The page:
Belgian startup Osimis innovates with a new collaborative medical imaging software

Art Liège-based Osimis uses open source software to build innovative collaboration tools for medical imaging. Its newest solution, Lify, simplifies the exchange and consultation of medical imaging studies. The startup has just completed its third round of financing of €2.3 million to further the development of the Lily platform.

We found in Lify a certain flexibility, responsiveness and customization of the tool that goes beyond the robustness of the system that had already been validated by our IT teams,” said Patrice Sapey, Director of the Saint-Catherine Cancer Institute in Avignon.

An expert in a global niche market, Osimis aims to strengthen its presence in Europe, North America and Asia. The Osimis team is the main contributor to the Orthanc open source project for medical imaging. Orthanc has been downloaded more than 230,000 times and is used in 192 countries. Lifyis Osimis’ proprietary platform that allows for a fast and efficient deployment of Orthanc in the health industry.

As an initiator of the project in an academic setting thanks to the support of the University Hospital of Liège, I am delighted that we are thus opening a new page in the already long history of the free and open-source Orthanc ecosystem,” said Sébastien Jodogne, Chief Scientific Officer. “The scientific and societal impact of Orthanc has been praised internationally and is part of a philosophy of openness and dissemination of knowledge.

This fundraising will enable us to accelerate the development and international expansion of the Lify platform,” said Frédéric Lambrechts, CEO. “Our goal is to improve the clinical pathway and the patient’s life across all dimensions of medical imaging. Technology and innovation are tools that must be put to the service of the patient. Our approach to this effect is to bring algorithmic innovation closer to clinical practice in the context of medical imaging. We’re currently looking for computer scientists and commercial medical technology to keep up with demand.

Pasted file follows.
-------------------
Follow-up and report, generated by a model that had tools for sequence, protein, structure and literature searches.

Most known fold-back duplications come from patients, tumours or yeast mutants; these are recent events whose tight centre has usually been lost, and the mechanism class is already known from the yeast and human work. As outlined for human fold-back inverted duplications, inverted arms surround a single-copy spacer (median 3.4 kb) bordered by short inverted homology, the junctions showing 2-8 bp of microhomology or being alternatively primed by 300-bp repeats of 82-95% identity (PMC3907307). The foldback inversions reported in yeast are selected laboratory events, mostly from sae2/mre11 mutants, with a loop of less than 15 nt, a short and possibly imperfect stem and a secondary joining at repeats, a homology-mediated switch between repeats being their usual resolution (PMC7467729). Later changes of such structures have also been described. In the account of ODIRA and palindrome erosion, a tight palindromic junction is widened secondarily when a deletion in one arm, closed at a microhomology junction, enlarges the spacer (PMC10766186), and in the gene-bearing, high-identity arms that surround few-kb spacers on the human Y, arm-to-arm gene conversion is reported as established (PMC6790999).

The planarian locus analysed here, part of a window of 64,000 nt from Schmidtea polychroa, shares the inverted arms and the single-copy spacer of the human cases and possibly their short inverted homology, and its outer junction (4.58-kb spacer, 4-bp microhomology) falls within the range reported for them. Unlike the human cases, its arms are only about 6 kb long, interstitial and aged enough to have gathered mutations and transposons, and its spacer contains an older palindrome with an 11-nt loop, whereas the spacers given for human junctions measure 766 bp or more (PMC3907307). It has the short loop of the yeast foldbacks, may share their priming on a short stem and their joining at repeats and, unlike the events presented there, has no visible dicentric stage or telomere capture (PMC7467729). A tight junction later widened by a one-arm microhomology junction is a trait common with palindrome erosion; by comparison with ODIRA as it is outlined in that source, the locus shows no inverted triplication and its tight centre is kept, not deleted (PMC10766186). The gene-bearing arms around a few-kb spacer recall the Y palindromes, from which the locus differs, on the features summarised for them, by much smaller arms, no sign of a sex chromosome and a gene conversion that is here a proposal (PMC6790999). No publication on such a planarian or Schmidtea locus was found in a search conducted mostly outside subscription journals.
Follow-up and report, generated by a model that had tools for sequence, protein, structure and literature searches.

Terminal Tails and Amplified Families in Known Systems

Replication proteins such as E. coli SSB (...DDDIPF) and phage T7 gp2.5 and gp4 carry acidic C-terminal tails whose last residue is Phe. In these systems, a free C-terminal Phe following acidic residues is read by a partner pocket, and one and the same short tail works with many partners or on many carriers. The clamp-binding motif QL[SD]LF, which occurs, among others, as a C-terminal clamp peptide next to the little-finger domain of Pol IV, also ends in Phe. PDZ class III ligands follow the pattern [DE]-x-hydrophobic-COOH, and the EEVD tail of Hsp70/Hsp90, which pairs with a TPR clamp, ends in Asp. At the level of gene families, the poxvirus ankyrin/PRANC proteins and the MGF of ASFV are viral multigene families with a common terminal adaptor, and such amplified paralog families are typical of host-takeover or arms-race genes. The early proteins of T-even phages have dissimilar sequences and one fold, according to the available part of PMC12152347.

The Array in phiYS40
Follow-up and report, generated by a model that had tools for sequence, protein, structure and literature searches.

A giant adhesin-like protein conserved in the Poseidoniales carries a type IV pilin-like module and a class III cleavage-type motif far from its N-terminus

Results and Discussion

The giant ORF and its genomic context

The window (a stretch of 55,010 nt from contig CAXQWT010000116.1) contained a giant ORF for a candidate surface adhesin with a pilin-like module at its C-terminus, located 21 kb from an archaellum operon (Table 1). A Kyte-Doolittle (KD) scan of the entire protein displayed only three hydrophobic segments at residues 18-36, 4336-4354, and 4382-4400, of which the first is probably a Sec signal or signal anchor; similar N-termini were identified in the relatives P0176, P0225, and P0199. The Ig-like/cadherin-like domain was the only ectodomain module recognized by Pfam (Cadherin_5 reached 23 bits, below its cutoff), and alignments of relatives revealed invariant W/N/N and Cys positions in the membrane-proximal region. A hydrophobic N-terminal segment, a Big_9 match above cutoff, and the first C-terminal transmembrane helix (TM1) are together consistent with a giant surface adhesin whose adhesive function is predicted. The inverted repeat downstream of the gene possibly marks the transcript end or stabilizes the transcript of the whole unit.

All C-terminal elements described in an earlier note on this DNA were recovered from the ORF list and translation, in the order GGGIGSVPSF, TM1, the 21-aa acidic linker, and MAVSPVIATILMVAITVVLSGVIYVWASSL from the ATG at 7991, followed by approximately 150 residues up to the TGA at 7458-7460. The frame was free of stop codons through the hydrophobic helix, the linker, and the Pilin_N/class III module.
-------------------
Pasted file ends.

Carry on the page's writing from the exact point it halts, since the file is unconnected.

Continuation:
Spentys strives to revolutionise the orthopaedic immobilisation device industry

Interview with Louis-Philippe Broze & Florian De Boeck

What would be your two-minute elevator pitch?

At Spentys, we strive to revolutionise the orthopaedic immobilisation device industry by introducing 3D technologies. We want the industry to shift from traditional design processes to new ones which includes 3D technologies – think scanning, modelling and printing. That’s why we’ve developed our three-step solution, all centralised on a web platform. The Spentys solution allows mass-customisation of orthopaedic immobilisation devices, while considering and implementing the medical expertise of health professionals.

To make the solution accessible to the market, Spentys has developed and clinically tested 3D printed orthopaedic immobilisation devices – plasters, splints, and whatnot – on various limbs. The end results are water-resistant, airy, light, custom-made and completely recyclable devices. So all in all, way more comfort for the patient!